It’s been almost 12-months since Prime Minister Theresa May, triggered Article 50 and thus started the formal process for the United Kingdom to leave the European Union. Whilst the political bickering at Westminster and the slow pace of negotiations have left many issues unanswered, something that has flown below the radar is how Brexit will impact British homeowners.
Sure, there is the possibility that prices at your local high street will go up post-Brexit, but the reality is that the UK will remain a massive trading partner with Europe and as such we will have negotiating power. In addition, any government would be daft to increase tariffs without giving thought to how such a move would impact the average person. As such, it is a safe to assume that even the lack of trade deal would have little impact on the imported product we use every day.
However, when it comes to the property values the future is less certain. But not for long as this article seeks to explore what the impact of leaving the European Union means for the value of your home.
It’s the Economy
One thing to keep in mind when it comes to home prices and Brexit is that the connections are not as direct as they might be in other markets – take cars for example. Sure, prime property prices in Central London might suffer from the lack of foreign buyers but the reality is that most of these buyers come from outside of the European Union, to begin with.
In addition, there might be cities and towns where the impact is negligible at best. Take a country home in Surrey or a flat in Leeds where prices are largely forecasted to remain stable. But what is dragging down prices is the ongoing squeeze on household income – i.e. it’s the economy.
This means that housing prices are already under pressure as the number of people who can afford to buy a home has been falling in recent months. What is not known, is whether this is a temporary phenomenon or will this trend be further exacerbated by Brexit.
Whilst the consensus is that the country will not experience the sort of wholesale drop in home prices as witnessed during the global financial crisis, we have seen the experts be wrong before.
For starters, we have already seen the value of the pound fluctuate – though jitters about the U.S. has taken some of the pressure off the Bank of England – and this could lead to a spike in inflation.
At the same time, the ebbs and flows of the currency market might force the central bank to increase the pace of interest rate rises over the next 12- to 24-months. Such a move would have a massive impact on the home market as it would make it more difficult for prospective buyers to qualify for a mortgage and thus send a chill through the housing market.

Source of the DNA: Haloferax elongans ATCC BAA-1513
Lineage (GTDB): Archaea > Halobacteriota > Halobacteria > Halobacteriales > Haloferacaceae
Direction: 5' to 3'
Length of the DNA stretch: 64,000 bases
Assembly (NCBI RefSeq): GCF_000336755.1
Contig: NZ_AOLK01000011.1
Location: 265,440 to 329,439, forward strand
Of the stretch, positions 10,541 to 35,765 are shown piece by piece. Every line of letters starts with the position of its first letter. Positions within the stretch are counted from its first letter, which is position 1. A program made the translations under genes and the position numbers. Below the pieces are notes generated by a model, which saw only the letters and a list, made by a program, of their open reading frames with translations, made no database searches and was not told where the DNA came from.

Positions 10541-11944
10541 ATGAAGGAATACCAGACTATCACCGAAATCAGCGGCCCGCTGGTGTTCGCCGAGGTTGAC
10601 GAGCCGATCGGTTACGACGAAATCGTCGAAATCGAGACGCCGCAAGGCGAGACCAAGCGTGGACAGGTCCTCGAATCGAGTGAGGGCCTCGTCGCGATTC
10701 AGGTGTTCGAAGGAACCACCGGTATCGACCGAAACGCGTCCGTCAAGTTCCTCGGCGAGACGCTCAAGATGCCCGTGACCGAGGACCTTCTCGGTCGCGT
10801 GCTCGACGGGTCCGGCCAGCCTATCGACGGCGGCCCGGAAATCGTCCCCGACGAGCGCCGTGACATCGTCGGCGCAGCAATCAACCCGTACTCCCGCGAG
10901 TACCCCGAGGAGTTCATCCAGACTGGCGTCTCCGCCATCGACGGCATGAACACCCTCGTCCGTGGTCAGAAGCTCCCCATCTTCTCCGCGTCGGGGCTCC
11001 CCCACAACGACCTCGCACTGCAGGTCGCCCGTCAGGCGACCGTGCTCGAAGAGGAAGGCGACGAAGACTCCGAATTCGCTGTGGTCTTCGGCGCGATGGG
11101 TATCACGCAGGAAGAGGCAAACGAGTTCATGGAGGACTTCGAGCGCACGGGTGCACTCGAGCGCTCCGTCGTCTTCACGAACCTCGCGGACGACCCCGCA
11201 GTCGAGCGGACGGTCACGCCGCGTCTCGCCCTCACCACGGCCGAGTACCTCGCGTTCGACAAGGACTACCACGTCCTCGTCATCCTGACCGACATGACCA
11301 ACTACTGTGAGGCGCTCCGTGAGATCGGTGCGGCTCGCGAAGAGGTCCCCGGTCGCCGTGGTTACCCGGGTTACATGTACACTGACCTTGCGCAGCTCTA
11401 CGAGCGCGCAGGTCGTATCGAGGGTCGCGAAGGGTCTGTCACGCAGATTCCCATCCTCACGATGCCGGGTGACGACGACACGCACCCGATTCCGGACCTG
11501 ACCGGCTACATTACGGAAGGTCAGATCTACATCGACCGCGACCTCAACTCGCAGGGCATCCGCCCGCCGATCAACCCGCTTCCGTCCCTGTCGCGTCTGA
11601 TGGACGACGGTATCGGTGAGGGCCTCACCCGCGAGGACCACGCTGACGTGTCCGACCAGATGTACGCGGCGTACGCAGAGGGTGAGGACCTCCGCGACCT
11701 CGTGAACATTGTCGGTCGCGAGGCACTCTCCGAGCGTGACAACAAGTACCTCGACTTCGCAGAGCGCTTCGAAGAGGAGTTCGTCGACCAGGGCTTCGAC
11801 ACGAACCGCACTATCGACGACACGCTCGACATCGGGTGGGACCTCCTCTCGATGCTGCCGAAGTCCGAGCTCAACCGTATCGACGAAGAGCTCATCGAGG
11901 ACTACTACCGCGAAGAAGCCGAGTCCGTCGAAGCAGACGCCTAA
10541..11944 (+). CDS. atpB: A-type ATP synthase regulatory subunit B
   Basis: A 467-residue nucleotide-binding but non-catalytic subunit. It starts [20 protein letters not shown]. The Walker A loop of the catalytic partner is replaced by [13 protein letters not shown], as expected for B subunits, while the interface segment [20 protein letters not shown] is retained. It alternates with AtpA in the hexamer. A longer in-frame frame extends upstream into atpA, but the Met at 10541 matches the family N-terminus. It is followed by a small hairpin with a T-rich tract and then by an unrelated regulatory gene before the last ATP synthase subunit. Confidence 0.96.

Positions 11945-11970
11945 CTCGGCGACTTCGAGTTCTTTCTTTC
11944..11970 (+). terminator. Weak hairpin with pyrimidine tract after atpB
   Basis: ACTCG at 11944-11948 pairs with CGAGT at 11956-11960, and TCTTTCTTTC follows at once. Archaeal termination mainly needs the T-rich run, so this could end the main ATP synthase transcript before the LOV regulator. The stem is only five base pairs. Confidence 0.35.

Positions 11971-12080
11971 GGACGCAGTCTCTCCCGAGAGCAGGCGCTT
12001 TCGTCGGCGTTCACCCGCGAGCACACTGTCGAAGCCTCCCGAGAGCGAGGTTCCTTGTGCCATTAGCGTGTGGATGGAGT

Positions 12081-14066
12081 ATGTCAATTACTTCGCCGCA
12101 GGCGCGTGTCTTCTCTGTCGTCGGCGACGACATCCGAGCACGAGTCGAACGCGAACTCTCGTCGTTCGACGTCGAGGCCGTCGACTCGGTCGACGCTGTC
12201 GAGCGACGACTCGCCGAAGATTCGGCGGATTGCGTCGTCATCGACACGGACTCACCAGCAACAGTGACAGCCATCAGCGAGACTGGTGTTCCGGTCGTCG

An Unusual Housing Market
Beyond these factors, we are already witnessing a rather unusual housing market. Whilst a low number of homes on the market usually leads to higher prices, the Royal Institution of Chartered Surveyors has noted that prices are falling.
This is a curious dynamic as the law of supply and demand tends to point towards higher prices when supply is tight. However, there are some observers believe this trend is since many potential buyers are sitting on the sidelines and it is this uncertainty which might impact home prices for the next year or more.
That being said, the long-term projection is for housing prices to rise by 2020 and beyond. Granted, this makes sense as prices do tend to rise over time; however, Savills is forecasting UK housing prices to go up on the order of 13pc or more.
The Stamp Duty
Another factor impacting UK housing prices is not even related to Brexit – it is the stamp duty system. Whilst the changes impact homes of £925,000 and more, the hike has led to a fewer number of homes at the high end of the market being put up for sale. Ultimately, this will make it more difficult for people to upgrade to larger homes and this could be a big deal for the markets around big cities and other well-to-do areas.
What Can You Do?
Since you cannot pick up and move your home, there are several strategies you can use to help protect the value of your home in our soon-to-be post-Brexit reality. First, it to look at ways to generate revenue from your home. For example, you could install solar panels or if your property is large enough, a windmill. Both would help to reduce your utility costs while putting more brass in your pocket.
Second, if you qualify, you could consider a reverse mortgage as this would effectively freeze your mortgage payments whilst diverting that cash back into your bank account. The net effect would be a dramatic increase in the ‘equity’ you have in your home. If this sounds like an interesting option, then you can check out this calculator – https://reverse.mortgage/calculator.
Another strategy would be to get to work on those home improvements which could add the value of your home. Maybe it is upgrading your kitchen or new windows – either way, these small improvements could have a big impact on the value of your home after Brexit.